requires the filing of return of service affidavits in the absence of waiver—which
Plaintiffs have not done, either by the deadline the Magistrate Judge set, or in the more
than seven months that have since passed.
Finally, none of Plaintiffs’ specific attacks on the Magistrate Judge’s procedures
and statements of fact regarding the service issue persuades this Court that the R & R’s
findings are erroneous. For example, Plaintiffs appear to maintain that Magistrate
Judge Robinson improperly took into account certain procedurally defective filings by
certain Defendants (see Pls.’ Objs. at 9–12), but Plaintiffs have not shown that the
R & R’s dismissal recommendation actually relies upon the documents that Plaintiffs
These five Defendants are: IndyMac Bank F.S.B., IndyMac Federal Bank, IndyMac INDX 2006-AR8,
CIT Bank N.A., and Mike Perry. (See R & R at 3; Pls.’ Objs. at 12.)
believe were improperly filed, and it is clear to this Court that the finding that
“Plaintiffs have filed no return of service affidavit relating to any Defendant” (R & R at
2) is entirely independent of any allegedly improper notices or briefs by the defendants.
Nor is it problematic that the R & R states that “eleven” Defendants formally filed lackof-service notices (R & R at 1; see also Pls.’ Objs. at 9–10 (insisting that only two of
the defendants actually filed such a notice)), because a notice filed on behalf of 11
listed Defendants is exactly what the record here contains (see Eleven Defs.’ Notice, at
This all means that Plaintiffs’ objections to the R & R’s finding that service has
not been properly effected are not well founded, and this Court is confident that, at least
in this regard, Magistrate Judge Robinson’s R & R is correct. This Court further finds
that Plaintiffs have failed to demonstrate “good cause for the[ir] failure” to serve
Defendants in accordance with the Federal Rules. Fed. R. Civ. P. 4(m). Indeed, rather
than providing any grounds for this Court to excuse the service defects, Plaintiffs have
mounted a vigorous defense of their service-related efforts in a manner that clearly
stems from “[m]istake . . . or ignorance of the rules of procedure[,]” which “does not
suffice to establish good cause.” Whitehead, 221 F.R.D. at 3.
This Court Will Not Dismiss The Case Against Any Defendant On
Lack-Of-Service Grounds At This Time, Because Plaintiffs Did Not
Have Adequate Pre-Dismissal Notice Of Their Service Deficiencies Or
The Consequences Of Failing To Effect Proper Service
All that said, this Court is keenly aware that Plaintiffs are proceeding with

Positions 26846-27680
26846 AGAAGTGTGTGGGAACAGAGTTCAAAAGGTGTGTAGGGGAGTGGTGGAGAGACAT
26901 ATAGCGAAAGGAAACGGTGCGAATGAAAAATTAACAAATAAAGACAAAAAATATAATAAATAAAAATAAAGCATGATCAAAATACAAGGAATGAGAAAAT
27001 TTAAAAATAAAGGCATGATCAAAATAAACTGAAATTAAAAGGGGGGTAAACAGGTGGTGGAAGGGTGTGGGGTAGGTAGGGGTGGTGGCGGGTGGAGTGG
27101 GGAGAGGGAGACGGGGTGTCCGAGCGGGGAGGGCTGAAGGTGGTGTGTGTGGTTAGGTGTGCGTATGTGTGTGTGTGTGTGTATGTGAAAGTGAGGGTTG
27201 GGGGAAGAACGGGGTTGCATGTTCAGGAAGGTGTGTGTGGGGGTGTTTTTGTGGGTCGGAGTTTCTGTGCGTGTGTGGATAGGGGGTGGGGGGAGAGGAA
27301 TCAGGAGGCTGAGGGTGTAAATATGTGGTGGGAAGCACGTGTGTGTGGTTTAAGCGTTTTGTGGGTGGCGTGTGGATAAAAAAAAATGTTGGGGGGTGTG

respect to this action pro se, and thus must be “allowed more latitude than litigants
represented by counsel to correct defects in service of process and pleadings.” Moore
v. Agency for Int’l Dev., 994 F.2d 874, 876 (D.C. Cir. 1993). As a matter of equity, if
not law, plaintiffs such as these (who have no legal training and little guidance in
navigating the legal system) should be specifically notified of the defects in their filings
and the mistakes that pervade their attempts to comply with the Federal Rules of Civil
Procedure before their cases are dismissed, so that they can have a fair opportunity to
correct such unwitting errors. Cf. Neal v. Kelly, 963 F.2d 453, 456 (D.C. Cir. 1992)
(recognizing that pro se plaintiffs must be given a “reasonable opportunity” to contest a
motion for summary judgment, which “presupposes notice” of the requirements
(internal quotation marks omitted)); Eldridge v. Block, 832 F.2d 1132, 1136 (9th Cir.
1987) (holding that courts must “provide a pro se litigant with notice of the deficiencies
in his or her complaint” with “at least  a few sentences explaining the deficiencies”
when providing an opportunity to amend the complaint). Moreover, as the D.C. Circuit
has recognized in the context of service by pro se plaintiffs, “[m]ere time to correct a
defect is not enough, if knowledge of the consequences of not making use of it is
wanting.” Moore, 994 F.2d at 876 (emphasis added) (internal quotation marks and
alteration omitted). Thus, although “courts do not need to provide detailed guidance to
pro se litigants[,]” it is equally clear that courts must “supply minimal notice of the
consequences of not complying with procedural rules.” Id. (citing Eldridge, 832 F.2d at
As far as this Court can tell, insufficient notice was provided in this case. First
of all, at the time that Plaintiffs’ initial service efforts were deemed unsuitable, the
Magistrate Judge did not provide any indication whatsoever regarding why she had
reached that determination. (See Min. Order of May 25, 2017; see also FTR Gold
Recording of May 24, 2017 Status Conf.) In the absence of any such explanation,
Plaintiffs proceeded to embark on an entirely different course of action with respect to
service ahead of the June 16, 2017 deadline, but ultimately, the Magistrate Judge again
provided little explication of the particular problems with Plaintiffs’ chosen process in
the context of the instant three-page R & R. Thus, it is no wonder that Plaintiffs’
written objections reflect significant confusion regarding how proper service must be
made—confusion that likely could have been avoided if the Magistrate Judge’s earlier
pronouncements had referenced the appropriate rule and explained why Plaintiffs’
myriad efforts to satisfy the Federal Rules were lacking.
There is also no indication in the record that the Magistrate Judge specifically
warned Plaintiffs about the consequences of failing to serve Defendants properly. (See
FTR Gold Recording of May 24, 2017 Status Conf.; Min. Order of May 25, 2017.) The
Magistrate Judge gave Plaintiffs additional time to effect service (see Min. Order of
May 25, 2017), and also issued a subsequent Supplemental Order advising Plaintiffs of
their general responsibility to respond to filings of the defendants (see Suppl. Order of
May 31, 2017), but the Supplemental Order does not touch upon service at all, much
less specifically notify Plaintiffs that their failure to effect service by the established
deadline might result in the dismissal of their case.
In the interest of fairness and in light of Plaintiffs’ status as pro se litigants, this
Court finds it prudent to provide Plaintiffs with one more opportunity to (1) closely
evaluate the orders and statements of the Magistrate Judge and this Court, and (2) effect